Perhaps the most misunderstood wine in town is Sherry. The “real” stuff is produced in the south of Spain and comes in far more different styles than the average wine drinker realizes. Problem is: your “average” vino lover probably doesn’t have even one bottle on the shelf and they’re not rushing to remedy or rectify that situation. ♫ “Oh Sherry . . . Sherry baby” ♫

Oftentimes, Sherry, Madeira, and Port are lumped together into some type of dessert wine category. And these wines do indeed provide some astonishing sweet treats! As a collector of Vintage Port and Madeira back in the day, I was quick to discern the different qualities of the three SMPs—learning especially the various types of Sherry out on the market, from the very light & dry fino, to the Sherry Cream dessert type. We’ll discuss these distinctions a bit later.

But even I was out of the loop a year or so ago, when I tasted through a collection of Sherries. At the tasting, Ricco Gallardo, one of our valley’s wine wise guys, represents Authentic Wines Selections, out of Berkeley Cal. AWS has a domestic and international wine portfolio that is one of the best.


The venue for the tasting was held at Italian-chic restaurant, Il Corso, there on El Paseo in Palm Desert. Enjoying the good life of wine and relaxation, Ricco opened a bottle of Leyendo fino Sherry to sample. Honestly, I hadn’t enjoyed a fino in some time; I usually will pick up a bottle of a sweeter sherry around winter holidays. The chilled fino appeared refreshing and inviting with is cool faint green white color—like a Sauvignon Blanc.

And expecting a Sauv Blanc type flavor profile was a big mistake. Okay—maybe it had a light-bodied touch, but the fino came out of left field. It was like a surprise assault on my California senses: Bone dry, salty, pungent, savory, musky, nutty—geez!—if I hadn’t seen Ricco uncork the bottle, I would have thought someone had left it open in the ocean and it had just floated back in.

But mea culpa—my bad: for the true fino connoisseur, it was an excellent bottle! I had to volunteer myself to the back of the wine classroom. I needed to take Sherry Wine 101 over again. How embarrassing: a wine columnist failing to discern the umami-contextual flavor of a fine bottle of fino sherry.

Of course I’ve recovered from all that and am doing just ducky, thank you. But I’m here to save you readers from that awkward moment of prejudging; and, onto an appearance and position of a knowledgeable and lovable wine snob! Further, you may well be the hit of your neighborhood when you properly introduce the chilled refreshing finos to all your friends partying in the heat of the desert.

Sherry is made primarily from the Palomino grape. The winemaking techniques are complicated, unique and traditional. Sherry is a fortified wine, meaning neutral spirits are added to the wine after fermentation to add to the alcohol content usually to 15%

Most of you wine enthusiasts have heard of the sherry solera aging system , whereby newer wines are gradually mixed with older wines to produce a sherry encompassing many different vintages to create a consistent style, very similar to the method used to produce non-vintage Champagne styles.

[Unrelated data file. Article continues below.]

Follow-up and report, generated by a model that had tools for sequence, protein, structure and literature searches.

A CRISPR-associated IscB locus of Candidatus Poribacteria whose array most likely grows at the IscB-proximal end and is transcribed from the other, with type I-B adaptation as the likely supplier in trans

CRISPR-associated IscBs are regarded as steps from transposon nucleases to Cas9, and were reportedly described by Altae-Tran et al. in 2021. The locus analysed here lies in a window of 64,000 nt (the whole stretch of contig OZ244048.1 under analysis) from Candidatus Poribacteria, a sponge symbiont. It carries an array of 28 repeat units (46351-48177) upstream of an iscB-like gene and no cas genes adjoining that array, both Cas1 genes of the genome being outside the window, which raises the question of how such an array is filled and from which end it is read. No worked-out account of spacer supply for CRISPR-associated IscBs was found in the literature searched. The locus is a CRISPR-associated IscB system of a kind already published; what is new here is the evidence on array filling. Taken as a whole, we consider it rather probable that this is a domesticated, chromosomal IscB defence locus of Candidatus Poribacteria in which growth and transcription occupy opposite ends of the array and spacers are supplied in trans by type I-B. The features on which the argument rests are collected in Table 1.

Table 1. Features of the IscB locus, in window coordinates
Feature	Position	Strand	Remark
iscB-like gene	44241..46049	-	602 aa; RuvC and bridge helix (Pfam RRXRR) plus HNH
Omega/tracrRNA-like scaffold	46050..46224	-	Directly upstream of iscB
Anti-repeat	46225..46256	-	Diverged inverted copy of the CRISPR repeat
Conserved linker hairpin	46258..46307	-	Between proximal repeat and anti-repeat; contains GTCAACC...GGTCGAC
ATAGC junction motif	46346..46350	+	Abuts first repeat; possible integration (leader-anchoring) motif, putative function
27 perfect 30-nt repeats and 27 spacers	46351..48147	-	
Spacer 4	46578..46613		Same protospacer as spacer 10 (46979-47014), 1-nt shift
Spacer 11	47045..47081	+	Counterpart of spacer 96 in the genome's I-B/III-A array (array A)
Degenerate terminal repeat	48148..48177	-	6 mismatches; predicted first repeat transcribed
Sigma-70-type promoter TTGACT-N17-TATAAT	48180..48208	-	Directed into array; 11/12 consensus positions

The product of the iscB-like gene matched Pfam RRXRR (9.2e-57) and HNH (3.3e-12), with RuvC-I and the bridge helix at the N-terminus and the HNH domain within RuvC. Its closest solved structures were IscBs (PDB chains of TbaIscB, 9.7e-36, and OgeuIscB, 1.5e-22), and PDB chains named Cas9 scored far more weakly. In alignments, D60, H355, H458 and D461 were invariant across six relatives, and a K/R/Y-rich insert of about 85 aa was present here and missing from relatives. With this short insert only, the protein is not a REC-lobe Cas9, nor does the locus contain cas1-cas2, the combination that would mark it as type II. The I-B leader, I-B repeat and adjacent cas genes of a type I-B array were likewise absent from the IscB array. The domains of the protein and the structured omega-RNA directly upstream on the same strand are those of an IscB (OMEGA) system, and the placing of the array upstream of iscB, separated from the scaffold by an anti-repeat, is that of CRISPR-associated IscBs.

Pretty much any article or story on Sherry wine always shows a picture of a group of stacked barrels left out in the sun where they blend the top tier after older wine has been transferred down to the next, and so on, with blended wine from the bottom tier withdrawn for bottling.

A Fino Sherry is the lightest style that is famously produced in the Spanish Jerez [Hereth] de la Frontera region. Its aging, from around three to six years, takes place entirely under layers of natural forming yeasts, known as flor, shielding the wine from oxidation;. This flor shapes the fino in every manner, from its delicate texture to its pungent aromas and flavors alongside its austere dryness.

Other styles of sherry that you’ll see on the labels are Manzanilla, which is made in the fino style, but the location of the bodegas, near the sea, give it a distinctive regional character, with bright sea salt and citrus notes.

Amontillado also starts off as a fino, but after five or six years, the flor dies and is filtered out. The wine then continues aging oxidatively. This style picks up notes of walnut, bitter almond and dried orange and is generally bottled at 16 percent to 20 percent alcohol. Oloroso is another great style of sherry that comes both dry and sweet and picks up dark colors and rich flavors from its own style of oxidation

The sweeter sherries are made from the Pedro Ximénez grape. We’ll get to those later in the year around the holidays, when the wines are best enjoyed.

But let’s get back to the fino. It’s an entrancing and intriguing wine that at first may bewilder, but perhaps will be your next best bud to get you through the hot desert days. Currently I’m enjoying the Williams & Humbert’s Pando Fino Jerez at around $15. Wine Spectator recently gave it 89 points stating, “Open-knit and refreshing, with lemon pith, talc and bitter almond notes streaking through, ending with a bone-dry, taut finish. Drink now.”

Crazy taste profile—yeah? Pair this fino with almonds, ham, olives, seafood & shellfish with fresh lemons, and, charcuterie. The Pando was fantastic with split pea soup! Cheers!